“As we enter the MLB playoffs this year, we wanted to share a snapshot of the most asked about MLB players and teams among fans throughout this season, according to Alexa.”

Cool! I love lists. Let’s see who Alexa users are searching for!

Top 10 Asked About Players this MLB Season:

1. Tyler Moore
2. Albert Pujols
3. Aaron Judge
4. Mike Trout
5. Bryce Harper
6. David Ortiz
7. Alex Rodriguez
8. Anthony Rizzo
9. Clayton Kershaw
10. Chris Young

I don’t have any problem with 2-9 on this list, but I gotta tell ya friends, I’m not sure that America’s most searched-for ballplayer is a guy who Baseball-Reference.com lists first as a “pinch hitter” who is sporting a line of .206/.247/.377 for a team ranking 28th out of 30 in attendance this year. I’m also skeptical of Chris Young at number ten, and that’s even if you put the search totals for BOTH Chris Youngs together and count them as one.

It’s possible that there is far greater national curiosity for Moore and Young than I realized.  It’s also possible that Moore and Young’s parents are just heavy duty Alexa users.

I suspect though, quite strongly, that Alexa — or the P.R. staff touting its abilities — is having trouble distinguishing between Tyler Moore and Mary Tyler Moore, who passed away back in January and was likely the subject of many more people’s curiosity than the Nationals’ 2008 16th round draft pick. Though, I’m sure, if given the chance, Tyler could turn the world on with his smile too.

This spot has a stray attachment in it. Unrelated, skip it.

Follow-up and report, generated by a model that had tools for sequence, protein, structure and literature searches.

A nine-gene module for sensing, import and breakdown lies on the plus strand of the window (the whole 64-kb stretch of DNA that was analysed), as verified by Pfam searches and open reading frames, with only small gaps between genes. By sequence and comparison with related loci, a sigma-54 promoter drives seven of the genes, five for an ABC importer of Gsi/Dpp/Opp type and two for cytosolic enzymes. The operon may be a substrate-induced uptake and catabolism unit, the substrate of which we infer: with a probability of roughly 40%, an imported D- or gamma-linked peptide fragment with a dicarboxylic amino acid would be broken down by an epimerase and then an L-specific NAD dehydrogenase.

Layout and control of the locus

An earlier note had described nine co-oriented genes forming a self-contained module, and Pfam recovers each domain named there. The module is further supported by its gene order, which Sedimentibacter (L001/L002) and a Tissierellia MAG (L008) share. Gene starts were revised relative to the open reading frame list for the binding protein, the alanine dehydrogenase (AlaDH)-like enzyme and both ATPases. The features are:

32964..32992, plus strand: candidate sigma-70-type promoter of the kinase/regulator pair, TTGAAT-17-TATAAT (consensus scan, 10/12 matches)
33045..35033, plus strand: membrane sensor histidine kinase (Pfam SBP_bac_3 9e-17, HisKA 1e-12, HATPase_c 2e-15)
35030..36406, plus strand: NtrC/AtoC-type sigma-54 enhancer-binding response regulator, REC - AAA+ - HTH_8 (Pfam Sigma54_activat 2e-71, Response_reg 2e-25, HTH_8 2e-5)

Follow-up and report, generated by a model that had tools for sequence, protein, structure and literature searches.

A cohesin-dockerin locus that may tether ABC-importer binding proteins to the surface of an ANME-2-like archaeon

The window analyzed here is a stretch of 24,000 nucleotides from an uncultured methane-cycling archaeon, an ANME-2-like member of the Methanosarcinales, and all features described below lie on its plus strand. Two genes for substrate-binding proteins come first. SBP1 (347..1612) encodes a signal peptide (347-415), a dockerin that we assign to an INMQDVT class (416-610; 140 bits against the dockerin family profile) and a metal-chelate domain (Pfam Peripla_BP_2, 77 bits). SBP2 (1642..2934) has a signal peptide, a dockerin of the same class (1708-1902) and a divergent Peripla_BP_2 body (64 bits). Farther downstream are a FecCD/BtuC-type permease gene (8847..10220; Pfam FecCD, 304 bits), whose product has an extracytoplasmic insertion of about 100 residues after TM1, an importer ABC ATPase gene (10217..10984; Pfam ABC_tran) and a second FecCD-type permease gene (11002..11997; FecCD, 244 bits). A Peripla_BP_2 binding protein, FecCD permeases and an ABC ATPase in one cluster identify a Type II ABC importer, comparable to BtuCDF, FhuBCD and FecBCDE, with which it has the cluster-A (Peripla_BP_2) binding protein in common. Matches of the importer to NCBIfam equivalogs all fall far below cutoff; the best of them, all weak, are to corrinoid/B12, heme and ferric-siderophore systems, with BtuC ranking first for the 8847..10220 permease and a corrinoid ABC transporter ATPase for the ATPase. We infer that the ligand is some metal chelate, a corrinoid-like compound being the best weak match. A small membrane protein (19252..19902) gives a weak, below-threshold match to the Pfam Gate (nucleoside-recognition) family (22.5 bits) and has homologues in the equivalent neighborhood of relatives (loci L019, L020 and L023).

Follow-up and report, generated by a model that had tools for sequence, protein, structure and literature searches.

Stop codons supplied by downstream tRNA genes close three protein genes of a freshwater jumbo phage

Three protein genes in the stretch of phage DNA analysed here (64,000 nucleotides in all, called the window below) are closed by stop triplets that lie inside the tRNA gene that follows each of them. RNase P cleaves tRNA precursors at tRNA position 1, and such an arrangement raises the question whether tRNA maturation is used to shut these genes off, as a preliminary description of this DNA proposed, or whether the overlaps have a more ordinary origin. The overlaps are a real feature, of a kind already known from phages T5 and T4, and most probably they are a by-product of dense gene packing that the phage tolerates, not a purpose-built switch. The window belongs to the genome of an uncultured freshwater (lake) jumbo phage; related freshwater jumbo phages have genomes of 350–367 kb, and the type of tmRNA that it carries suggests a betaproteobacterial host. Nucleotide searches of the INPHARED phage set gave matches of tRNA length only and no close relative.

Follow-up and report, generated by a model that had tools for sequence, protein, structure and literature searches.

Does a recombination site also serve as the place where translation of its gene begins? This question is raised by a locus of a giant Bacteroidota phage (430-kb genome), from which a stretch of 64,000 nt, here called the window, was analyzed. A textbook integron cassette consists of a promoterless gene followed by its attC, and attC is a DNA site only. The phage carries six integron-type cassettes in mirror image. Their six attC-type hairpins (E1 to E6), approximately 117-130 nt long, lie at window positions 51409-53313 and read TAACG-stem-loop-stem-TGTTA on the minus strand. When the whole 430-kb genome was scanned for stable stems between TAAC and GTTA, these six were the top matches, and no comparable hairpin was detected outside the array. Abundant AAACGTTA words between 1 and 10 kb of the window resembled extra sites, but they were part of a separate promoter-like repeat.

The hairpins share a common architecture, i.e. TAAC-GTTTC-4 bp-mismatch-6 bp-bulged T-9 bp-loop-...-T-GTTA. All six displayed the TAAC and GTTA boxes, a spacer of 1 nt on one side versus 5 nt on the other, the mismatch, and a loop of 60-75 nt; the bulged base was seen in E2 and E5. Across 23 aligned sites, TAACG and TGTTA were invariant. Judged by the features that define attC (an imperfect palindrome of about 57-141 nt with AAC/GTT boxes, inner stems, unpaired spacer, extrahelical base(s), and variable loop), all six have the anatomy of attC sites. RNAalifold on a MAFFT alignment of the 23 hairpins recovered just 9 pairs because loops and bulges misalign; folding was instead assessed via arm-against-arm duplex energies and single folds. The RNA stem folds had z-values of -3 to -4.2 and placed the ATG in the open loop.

All of which might be a bit distressing for Amazon, given that it’s their business to make sure customers get what they’re looking for. It’s good for us as human beings, however, because it suggests that, perhaps, we are much farther away from the Rise of the Machines than we sometimes suspect.

Brad Ausmus seems to know he’s a dead man walking

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The Tigers have been terrible and the embarked on a rebuild this summer, shipping off Justin Verlander and multiple other players. Miguel Cabrera is hurt and may never be his old MVP-level self. It is, without a doubt, that the Tigers and their fans are about to begin a new chapter in the franchise’s history.

Such new chapters usually involve new managers. Fourth-year manager Brad Ausmus is still at the helm and the Tigers have made no public statement about his future. Ausmus, however, is a lame duck, with his contract ending a week from Sunday. He is also no fool. He seems to know very well that he’s not going to be around next year. From Katie Strang of The Athletic:

Ausmus, of course, has been on the hot seat several times. When Detroit exercised his option for this year, their refusal to extend it sent a pretty clear signal.

If this is the end of the road in Detroit for Baseball’s Most Handsome Manager, it will end with him having missed the playoffs in three of his four seasons at the helm of a star-studded team that was expected to Win Now, as they say. Yes, there were a lot of issues with the Tigers — their bullpen has always been a problem and the brass made a lot of questionable choices in signings and trades over the past few years — but there is no escaping the fact that Ausmus’ Tigers under achieved.